The business vehicle has the feature of limited liability, which means that the members of the LLC are not individually accountable for the company's conduct or obligations. Creditors cannot utilize the members' personal property to recoup their debts in this manner. Furthermore, flow-through taxes eliminates the cascading impact, as gains are taxed only once, in the hands of the members. The owners disclose the firm income and losses on their tax returns.

A single member is required to form a limited liability corporation, and the maximum number of members is unlimited. Single-member LLCs and multi-member LLCs are the two forms of LLCs. Its lifespan is limited because the company is closed down when a member leaves the organization. The remaining partners can then decide whether to continue with a new LLC or separate ways. The owners of an LLC can collectively decide on the profit distribution ratio.

Limited Liability Company Formation

  • Select a legal company name that is available in your state.
  • File Articles of Organization (as they are often known) and pay the filing fees required by the state.
  • Although not required, an Operating Agreement outlining the rights and duties of the LLC's members is recommended.
  • For a few weeks, advertise your desire to incorporate an LLC in a local newspaper. Unfortunately, this criterion is only applicable in a few states.
  • After completing all of the requirements, a formal LLC is created. First, all appropriate licenses and permissions must be obtained to conduct the firm.

Benefits of a Limited Liability Company

  • There are no double taxes with pass-through income taxation. The LLC owners file their tax returns; they do not need to file the LLC's tax returns, avoiding double taxation unless taxed as a C Corp.
  • In comparison to other companies, LLCs have fewer rules.
  • Depending on the state legislation, the members of the LLC have partial or complete protection from the LLC's conduct and liabilities.
  • In comparison, there is less paperwork and record-keeping.
  • Members may prepare for income and taxation since there is flexibility in how they are taxed.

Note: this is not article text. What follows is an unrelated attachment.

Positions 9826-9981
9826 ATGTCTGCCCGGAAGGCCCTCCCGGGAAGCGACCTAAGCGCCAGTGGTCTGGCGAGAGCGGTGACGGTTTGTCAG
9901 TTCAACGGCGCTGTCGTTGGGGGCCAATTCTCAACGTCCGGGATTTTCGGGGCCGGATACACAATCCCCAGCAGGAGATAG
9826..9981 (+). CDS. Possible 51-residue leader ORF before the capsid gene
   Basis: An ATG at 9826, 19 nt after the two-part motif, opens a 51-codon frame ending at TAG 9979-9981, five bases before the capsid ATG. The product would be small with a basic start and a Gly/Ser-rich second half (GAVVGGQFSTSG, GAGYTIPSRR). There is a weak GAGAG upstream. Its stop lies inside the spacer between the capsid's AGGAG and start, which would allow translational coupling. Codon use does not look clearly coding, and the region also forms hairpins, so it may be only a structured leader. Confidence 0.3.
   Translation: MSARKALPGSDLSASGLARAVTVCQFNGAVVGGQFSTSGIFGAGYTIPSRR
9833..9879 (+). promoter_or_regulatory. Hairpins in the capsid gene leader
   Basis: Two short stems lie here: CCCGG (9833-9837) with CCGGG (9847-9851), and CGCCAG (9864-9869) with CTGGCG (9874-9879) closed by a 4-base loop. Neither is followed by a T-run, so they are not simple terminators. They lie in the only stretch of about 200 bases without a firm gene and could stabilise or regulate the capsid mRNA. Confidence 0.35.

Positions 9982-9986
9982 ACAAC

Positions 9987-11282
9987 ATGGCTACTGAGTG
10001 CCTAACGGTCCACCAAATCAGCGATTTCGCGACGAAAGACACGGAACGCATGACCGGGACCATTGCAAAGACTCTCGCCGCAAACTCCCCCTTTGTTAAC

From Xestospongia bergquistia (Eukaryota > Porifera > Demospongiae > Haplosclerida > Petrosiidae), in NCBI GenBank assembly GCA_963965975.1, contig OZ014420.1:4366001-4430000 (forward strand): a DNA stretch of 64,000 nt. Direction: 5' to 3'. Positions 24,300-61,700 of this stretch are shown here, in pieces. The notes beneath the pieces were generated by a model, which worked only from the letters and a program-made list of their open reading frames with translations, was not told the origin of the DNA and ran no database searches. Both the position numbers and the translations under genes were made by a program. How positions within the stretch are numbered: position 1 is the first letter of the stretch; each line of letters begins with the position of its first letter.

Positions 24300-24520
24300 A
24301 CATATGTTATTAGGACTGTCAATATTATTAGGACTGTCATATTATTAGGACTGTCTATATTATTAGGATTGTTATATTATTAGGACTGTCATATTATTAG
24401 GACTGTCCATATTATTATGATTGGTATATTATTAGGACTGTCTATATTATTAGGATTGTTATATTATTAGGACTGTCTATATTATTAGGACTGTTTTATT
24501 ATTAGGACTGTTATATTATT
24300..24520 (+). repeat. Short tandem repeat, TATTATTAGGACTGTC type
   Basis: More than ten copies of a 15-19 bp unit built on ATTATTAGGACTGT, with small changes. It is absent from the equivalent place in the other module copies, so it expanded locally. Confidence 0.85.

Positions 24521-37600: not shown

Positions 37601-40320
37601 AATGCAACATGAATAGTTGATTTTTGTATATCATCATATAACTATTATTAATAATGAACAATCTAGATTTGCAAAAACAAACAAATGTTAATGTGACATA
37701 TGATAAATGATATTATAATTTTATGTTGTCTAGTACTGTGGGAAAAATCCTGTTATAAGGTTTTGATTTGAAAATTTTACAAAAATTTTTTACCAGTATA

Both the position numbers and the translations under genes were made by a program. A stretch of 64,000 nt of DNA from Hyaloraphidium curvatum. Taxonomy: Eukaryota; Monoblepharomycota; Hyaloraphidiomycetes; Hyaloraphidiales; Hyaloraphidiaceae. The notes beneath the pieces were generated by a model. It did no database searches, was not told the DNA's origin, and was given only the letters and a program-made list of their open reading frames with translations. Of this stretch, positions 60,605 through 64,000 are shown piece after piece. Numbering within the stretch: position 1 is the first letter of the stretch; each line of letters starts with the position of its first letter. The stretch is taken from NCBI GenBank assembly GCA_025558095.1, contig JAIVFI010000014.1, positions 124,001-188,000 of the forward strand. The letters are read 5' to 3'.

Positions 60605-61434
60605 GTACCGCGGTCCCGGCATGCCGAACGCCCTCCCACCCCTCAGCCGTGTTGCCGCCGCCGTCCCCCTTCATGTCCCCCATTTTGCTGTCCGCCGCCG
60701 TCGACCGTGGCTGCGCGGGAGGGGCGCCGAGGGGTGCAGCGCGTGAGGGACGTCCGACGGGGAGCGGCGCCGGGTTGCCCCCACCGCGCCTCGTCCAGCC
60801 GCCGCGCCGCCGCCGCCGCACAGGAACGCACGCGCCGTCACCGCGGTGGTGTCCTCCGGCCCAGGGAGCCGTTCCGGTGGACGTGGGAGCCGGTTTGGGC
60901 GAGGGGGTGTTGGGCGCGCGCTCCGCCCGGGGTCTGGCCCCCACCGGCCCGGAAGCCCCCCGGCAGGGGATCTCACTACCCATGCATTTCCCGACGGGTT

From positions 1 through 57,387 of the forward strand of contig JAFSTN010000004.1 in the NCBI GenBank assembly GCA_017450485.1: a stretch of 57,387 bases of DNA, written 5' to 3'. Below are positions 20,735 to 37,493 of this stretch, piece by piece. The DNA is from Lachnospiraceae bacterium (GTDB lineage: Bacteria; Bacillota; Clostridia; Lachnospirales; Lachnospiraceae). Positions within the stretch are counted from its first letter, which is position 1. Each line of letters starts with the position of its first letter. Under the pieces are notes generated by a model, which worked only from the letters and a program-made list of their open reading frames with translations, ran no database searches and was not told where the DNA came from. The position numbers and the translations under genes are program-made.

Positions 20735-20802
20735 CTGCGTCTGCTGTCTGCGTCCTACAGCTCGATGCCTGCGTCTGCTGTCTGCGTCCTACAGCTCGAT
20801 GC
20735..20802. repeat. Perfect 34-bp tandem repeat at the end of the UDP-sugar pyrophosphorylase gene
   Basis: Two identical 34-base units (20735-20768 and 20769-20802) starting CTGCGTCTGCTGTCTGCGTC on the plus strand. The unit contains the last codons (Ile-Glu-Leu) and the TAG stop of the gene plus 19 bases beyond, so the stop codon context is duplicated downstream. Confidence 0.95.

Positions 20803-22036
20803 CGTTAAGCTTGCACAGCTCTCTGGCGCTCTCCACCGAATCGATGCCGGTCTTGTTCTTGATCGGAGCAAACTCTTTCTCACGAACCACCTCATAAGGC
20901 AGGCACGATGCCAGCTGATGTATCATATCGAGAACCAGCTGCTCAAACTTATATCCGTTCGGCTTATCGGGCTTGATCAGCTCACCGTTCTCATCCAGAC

• A single natural person can form an LLC if the state does not prohibit it.

The Drawbacks of a Limited Liability Company

  • LLCs may or may not need to follow certain legal procedures and have a set operating procedure. Few people would be interested in investing in the same. As investors consider the goodwill and their maximum and secure profits now and in the future, the LLC may confront several financial challenges.
  • The LLC may close down and either join another business structure or start a new one. As a result, there is a significant financial outlay and a violation of confidentiality and security issues.
  • The lack of transparency in the organizational system may be advantageous to some. Unclarity, on the other hand, is always undesirable in some way.
  • Because several titles (manager, member, managing member, partner, chief executive, etc.) are used in LLC for different people, misunderstandings may arise. The confusion may stem from who has which power and who may enter into commitments or act on behalf of the LLC.
  • If the creator of the LLC wants to be publicly traded, the LLC is not the right choice.
  • Members of an LLC may be required to pay self-employment tax in various states.

What Is Limited Liability Partnership LLP?

A limited liability partnership (LLP) is a type of legal entity. Professional firms such as attorneys and accountants typically employ limited liability partnerships, but they can also be an excellent fit for other types of enterprises. A limited liability partnership (LLP) is a legal entity distinct from its members, who are entirely liable for the capital they invest and personal commitments. The partnership has been registered with Companies House and may only be used by profitable businesses. An LLP requires at least a minimum of two members and has no maximum number of partners. The specified partners' roles and obligations are regulated by law and governed by a contract or agreement between partners. An individual, firm, or another LLP can create and agree to a partnership.

Professionals who use LLPs cherish their reputation highly. Most LLPs are founded and managed by a group of specialists with considerable knowledge and clients. By combining resources, the partners lower company expenditures while increasing the LLP's potential to expand. Office space, staff, and other resources can be shared. Most significantly, decreasing costs enables the partners to gain more from their joint efforts than they would individually.

Process Of LLP

To form a limited liability partnership, two or more people must join forces to conduct a legitimate business, profit from it, sign their names to the registration paperwork, and submit it to the state's competent body. The LLP agreement is the primary contract that defines the rights, obligations, and duties of the partners as individuals and the LLP.

The Key Characteristics of a Limited Liability Partnership

  1. An LLP is a body corporate: An LLP is a body corporate constituted and incorporated (LLP Act), according to Section 3 of the Act. Accordingly, it is a separate legal entity from its partners.